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Description This present invention relates to the field of image displays, and more particularly, to a system and method for improving contrast and colour in digitized displays. Image contrast is usually achieved by rearranging the distribution of gray levels in an image scene. Increasing the contrast of an image is accomplished by making the dark portions of the image darker and the light portions of the image lighter. The effect of redistributing the gray levels is often visually beneficial because redistribution of gray levels uses more of an available dynamic range of a black to white intensity spectrum. Often the redistribution of energy is performed with the aid of a non-linear function. Many approaches have been devised to improve the contrast of an image. Histogram equalization is a method that has been used to alter the contrast of an image by attempting to redistribute the gray level energy in the image such that the output distribution is uniform. However, histogram equalization suffers from a serious drawback because the effects of full equalization are usually too severe to be visually pleasing. This method has some preferred uses such as in medical imaging, where colour balance is not always as important as accentuating gray level detail. In video and film processing, however, histogram equalization is not used because maintaining a proper proportion of gray level through the image spectrum is important. More recently, adaptive histogram equalization has received much attention. The basic idea behind adaptive histogram equalization is to generate a histogram of pixel intensities in an image and normalize them to produce a cumulative density function (CDF). Then, an altered version of the CDF is used to map the intensity, or gray level, data in an image to change the contrast. Even more sophisticated methods use local histogram information and local image statistics on a region of the image in order to achieve the desired context-dependent level of contrast enhancement. However, all of the state of the art solutions to the problem of contrast enhancement still have results that have room for improvement. Therefore, it desirable that to develop a system and a method for providing an image that is more visually pleasing than the original and can be readily implemented on a microprocessor. In accordance with an aspect of the present invention there is provided a method for enhancing contrast in an image by mapping an input intensity value to an output intensity value in accordance with a mapping function. The method comprises several steps. A mean intensity value of the image is determined. Co-ordinates of the mapping function are calculated in accordance with the mean intensity value and a plurality of predefined parameters. The mapping function is applied to the input intensity value for determining the output intensity, wherein the mapping function is generated dynamically for each image. An embodiment of the present invention will now be described by way of example only with reference to the following drawings in which: Contrast enhancement is accomplished by mapping an original pixel intensity to a desired pixel intensity. Typically, the mapping has a one-to-one relationship. A histogram is generated from image data and the mean value of the image intensity is computed. The mean and histogram information help define a piecewise-linear mapping that is used to alter the intensity distribution. User preferences also help determine the degree of contrast and colour enhancement. Referring to The mapping function, configured by a user or system-designer, is applied to all images in a video sequence. This approach is adequate for images having a unimodal intensity distribution. Referring to However, for images with bimodal distributions, the mapping as described above does not necessarily work well. Referring to As described above, images with unimodal and bimodal image intensity distributions are processed differently. In the case of an image with unimodal intensity distribution, the highest level of compression occurs in the dark and bright regions and highest level of expansion occurs in the mid-gray region. If the image has a bimodal intensity distribution, then there is typically little, if any, compression. In the present embodiment, there are four categories into which an image intensity distribution can be grouped. Three of these categories represent unimodal distribution and depend on the position of the image intensity distribution's mean. In each of these three categories the mean is located in the in the mid-gray region, the dark region, and the bright region respectively. The fourth category respresents bimodal distribution with negligible content in the mid-gray region. For the three, unimodal categories, it is desirable to have small gains for the left and right ranges and a high gain for the middle range. However, the middle range should coincide with the region where a bulk of the image's intensity distribution lies for allowing maximum utilization of the high gain factor. This is achieved by letting the middle range track the position of the mean. For example, if the mean lies in the dark region, then the middle range is shifted toward the left, the left range contracts, and the right range expands. For the bimodal category, it is desirable to have a more moderate gain for the left and right ranges that is not as small as the gain for the left and right ranges in the unimodal categories. Similarly, it is desirable to have a more moderate gain for the middle range that is not as large as the gain for the middle range in the unimodal categories. Because the compression and expansion factors are modest in the bimodal category, the precise position of the middle range is not as significant as for the unimodal categories. A unified solution is introduced that satisfies the requirements for each of the four categories. First, a notion of a principal range is introduced. The principal range is contained within the middle range. As the middle range shifts horizontally, so does the principal range. The number of pixels that lie within the principal range is counted. If a large percentage of pixels fall in the principal range the intensity distribution is likely unimodal. Alternately, if a small percentage of pixels fall in the principal range the intensity distribution is likely bimodal. Thus, once the modality of the image is determined, a mapping function is applied accordingly. In summary, the middle segment (and the principal range) tracks the mean. The gain for the left and right ranges is inversely proportional to the percentage of pixels that lie in the principal range. The gain for the middle range is proportional to the percentage of pixels that lie in the principal range. Referring to The image intensity distribution information is collected by the histogram in real-time. This timing constraint can be readily met if the histogram is implemented in hardware. In hardware, a histogram is merely a combination of counters, comparators, and control logic. Each counter corresponds to a bin and is incremented whenever a pixel intensity value falls within the thresholds for that bin. The size of the counters is large enough to accommodate the total number of pixels of an image N The thresholds that define the boundaries of the bins can either be integer or real. For integer data, it is preferable to define the boundaries as integers. The thresholds are 8 bits in size to support the data range of 256 bits. It will, however, be apparent to a person skilled in the art that the histogram generation process is not limited to 8 bits. The range of values that comprise the intensity is referred to as the dynamic range. For an image data format that has a reduced intensity range (for example, when Y is limited from 16 to 235 in 8-bit YUV422), the histogram is calculated only for that reduced range. The dynamic range is divided into bins. In general, the input and output dynamic ranges can be different, and are denoted as ΔY The mean μ Once the mean is determined, it is used to set up the left, middle, and right ranges of the mapping function. The mapping function maps an input level value to an output level value. The mapping is implemented as a three-segment, piecewise linear mapping that in not necessarily continuous. If the mapping is such that the minimum and maximum values are exceeded, then the appropriate clipping is done to ensure the output value remains within the desired range. The linear segments comprising the mapping need not be connected. The mapping is represented by a two-dimensional Cartesian graph, as illustrated in Points (x Since the mapping function is piecewise linear, each segment of the mapping function is can be represented by the equation y=mx+b, where m is a slope of the line segment and b is a y-intercept. The interior points are determined in accordance with the above equation as follows. A maximum input range Δx The left input range Δx An extension Δx The left boundary of the principal range is determined by summing the left input range Δx The right boundary of the principal range is determined by summing the left input range Δx The x co-ordinates of the mapping function are now known An end gain, or slope, α The bins in the histogram are indexed from 0 to (N Therefore, the end gain, α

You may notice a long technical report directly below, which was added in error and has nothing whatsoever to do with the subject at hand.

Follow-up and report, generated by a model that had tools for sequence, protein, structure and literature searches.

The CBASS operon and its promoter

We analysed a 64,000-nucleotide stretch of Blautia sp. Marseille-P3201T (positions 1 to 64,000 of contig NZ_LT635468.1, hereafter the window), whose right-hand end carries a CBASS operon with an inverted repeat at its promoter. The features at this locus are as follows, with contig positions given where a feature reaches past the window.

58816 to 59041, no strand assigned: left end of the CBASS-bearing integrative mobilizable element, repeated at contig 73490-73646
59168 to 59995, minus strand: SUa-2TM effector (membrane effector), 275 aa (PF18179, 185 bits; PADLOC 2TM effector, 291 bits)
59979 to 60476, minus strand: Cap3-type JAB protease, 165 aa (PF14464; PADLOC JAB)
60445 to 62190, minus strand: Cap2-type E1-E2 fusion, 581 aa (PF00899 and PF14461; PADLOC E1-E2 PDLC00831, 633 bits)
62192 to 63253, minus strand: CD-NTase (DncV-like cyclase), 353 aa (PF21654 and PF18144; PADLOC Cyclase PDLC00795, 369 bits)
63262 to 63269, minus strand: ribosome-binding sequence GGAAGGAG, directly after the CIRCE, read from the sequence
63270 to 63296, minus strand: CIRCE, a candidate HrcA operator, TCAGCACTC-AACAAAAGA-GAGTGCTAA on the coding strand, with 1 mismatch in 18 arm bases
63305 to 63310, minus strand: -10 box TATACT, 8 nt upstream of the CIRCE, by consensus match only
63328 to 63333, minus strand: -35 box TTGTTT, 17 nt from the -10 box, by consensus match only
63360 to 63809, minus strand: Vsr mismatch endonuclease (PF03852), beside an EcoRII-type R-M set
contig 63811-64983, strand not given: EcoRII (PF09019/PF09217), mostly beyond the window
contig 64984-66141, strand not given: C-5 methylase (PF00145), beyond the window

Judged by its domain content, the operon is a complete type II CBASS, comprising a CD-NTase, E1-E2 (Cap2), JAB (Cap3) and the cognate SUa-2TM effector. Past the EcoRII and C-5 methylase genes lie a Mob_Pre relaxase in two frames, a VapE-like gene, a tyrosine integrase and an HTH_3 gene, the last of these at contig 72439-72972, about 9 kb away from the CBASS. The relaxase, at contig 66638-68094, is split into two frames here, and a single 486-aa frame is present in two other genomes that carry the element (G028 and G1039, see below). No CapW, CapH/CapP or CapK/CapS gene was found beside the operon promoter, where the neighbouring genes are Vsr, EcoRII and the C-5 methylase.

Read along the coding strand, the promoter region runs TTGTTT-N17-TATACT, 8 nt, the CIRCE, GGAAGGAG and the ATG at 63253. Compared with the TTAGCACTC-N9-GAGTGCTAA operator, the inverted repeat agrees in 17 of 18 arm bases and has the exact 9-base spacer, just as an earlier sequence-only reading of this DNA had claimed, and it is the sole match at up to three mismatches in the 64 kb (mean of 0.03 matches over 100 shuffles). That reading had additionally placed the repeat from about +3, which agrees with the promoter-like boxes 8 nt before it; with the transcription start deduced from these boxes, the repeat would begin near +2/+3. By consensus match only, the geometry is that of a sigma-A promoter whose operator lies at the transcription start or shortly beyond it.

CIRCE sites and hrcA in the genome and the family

Empirical results show that the gains (slopes) of the mapping function in the dark (left) and bright (right) regions should be less than or equal to ΔY This restriction implies that the gain of the middle segment has to be greater than or equal to ΔY The positions of the interior points (x A middle segment gain α